Wednesday, 18 April 2012

Hanauma Bay & Waikiki

'The best snorkeling on Oahu' - that was how the brochure described Hanauma Bay, so we booked ourselves on to a bus.  At 7am we waited for it to turn up. And waited. At 7:30 we went back to the room. At 8:30 we were finally picked up and we were off!

Hanauma Bay was formed after sea levels rose flooding an extinct volcanic crater. It became a tourist destination in the 1930s and hit a peak in the 1990s. Overuse had a negative impact on the bay, and from 1991 visitor numbers have been limited and must attend a video briefing before entering the water.

Hanauma Bay
After the mandatory video which told us not to step on the coral or feed the fish, we trekked down to the beach.

Should have gone to Specsavers
The water was freezing and quite choppy, so visibility wasn't the best.  It was also low tide so the levels were low, but the fish were about!

And after the disappointment of not seeing a turtle at the Great Barrier Reef, we finally saw one! Amazing!

After the excitement of the Turtle, we headed back to Waikiki and practiced our laying around by the beach skills!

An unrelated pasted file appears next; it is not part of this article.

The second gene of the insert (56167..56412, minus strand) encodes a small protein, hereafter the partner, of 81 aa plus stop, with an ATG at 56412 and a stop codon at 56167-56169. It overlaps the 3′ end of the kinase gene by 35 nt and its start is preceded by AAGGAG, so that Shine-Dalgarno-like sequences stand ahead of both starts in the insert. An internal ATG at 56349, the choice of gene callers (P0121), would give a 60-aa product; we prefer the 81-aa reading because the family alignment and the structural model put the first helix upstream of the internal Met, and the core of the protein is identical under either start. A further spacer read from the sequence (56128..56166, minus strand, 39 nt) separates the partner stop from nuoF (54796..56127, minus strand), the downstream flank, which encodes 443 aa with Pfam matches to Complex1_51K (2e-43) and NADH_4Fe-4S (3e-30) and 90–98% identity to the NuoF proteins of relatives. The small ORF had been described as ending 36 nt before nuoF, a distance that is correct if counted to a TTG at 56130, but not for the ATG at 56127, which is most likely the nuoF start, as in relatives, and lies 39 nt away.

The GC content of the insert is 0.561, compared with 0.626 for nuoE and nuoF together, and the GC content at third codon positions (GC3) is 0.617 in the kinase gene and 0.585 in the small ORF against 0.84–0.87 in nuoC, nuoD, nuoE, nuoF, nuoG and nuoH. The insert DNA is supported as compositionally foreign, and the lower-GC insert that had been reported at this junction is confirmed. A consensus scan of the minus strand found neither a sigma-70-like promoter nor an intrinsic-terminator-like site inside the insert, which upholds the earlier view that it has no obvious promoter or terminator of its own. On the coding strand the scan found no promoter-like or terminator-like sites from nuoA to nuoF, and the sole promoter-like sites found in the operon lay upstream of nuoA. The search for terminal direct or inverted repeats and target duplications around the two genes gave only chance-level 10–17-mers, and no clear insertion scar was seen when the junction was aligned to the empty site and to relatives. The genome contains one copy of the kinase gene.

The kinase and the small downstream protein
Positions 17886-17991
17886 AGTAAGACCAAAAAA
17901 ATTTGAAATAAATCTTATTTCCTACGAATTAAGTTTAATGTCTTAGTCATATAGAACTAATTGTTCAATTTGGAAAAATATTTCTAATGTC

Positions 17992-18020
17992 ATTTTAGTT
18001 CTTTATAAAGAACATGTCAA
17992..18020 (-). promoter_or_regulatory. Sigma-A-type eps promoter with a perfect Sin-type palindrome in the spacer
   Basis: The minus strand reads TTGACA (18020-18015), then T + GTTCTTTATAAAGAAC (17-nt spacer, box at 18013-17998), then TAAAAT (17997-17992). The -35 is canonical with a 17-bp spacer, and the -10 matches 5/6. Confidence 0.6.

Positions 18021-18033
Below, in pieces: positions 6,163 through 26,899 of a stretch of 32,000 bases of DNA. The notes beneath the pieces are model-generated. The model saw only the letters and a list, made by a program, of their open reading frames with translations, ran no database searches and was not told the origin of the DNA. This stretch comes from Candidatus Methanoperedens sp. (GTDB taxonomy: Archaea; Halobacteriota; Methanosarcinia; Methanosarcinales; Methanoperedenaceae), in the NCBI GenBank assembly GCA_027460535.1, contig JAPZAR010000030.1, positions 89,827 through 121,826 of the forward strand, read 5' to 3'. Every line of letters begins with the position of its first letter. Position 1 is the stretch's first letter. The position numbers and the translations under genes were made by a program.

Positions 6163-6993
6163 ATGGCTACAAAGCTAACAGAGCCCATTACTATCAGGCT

After being so lazy all week, an overcast day gave us the opportunity to have a little wander around town.

Hawaii Five-0

The locals 'car' park
We came across a statue that was decorated with leis. The statue was Duke Paoa Kahanamoku (1890-1968), who was born and raised in Waikiki, and is seen as a representation of the Hawaiian culture. Duke was an Olympic champion winning three golds, two silvers and a bronze metal in four Olympic games between 1912 and 1922. He is also known as the Father of International Surfing having introduced the sport to Hawaii.  During his lifetime, the Duke was a movie actor, political figure, and true hero, the reason why many Hawaiians decorate him daily.

The Duke

Diamond Head from the breakwater
Although we were ultimately lazy in Hawaii, we had a great time.

Long live the Aloha Spirit!

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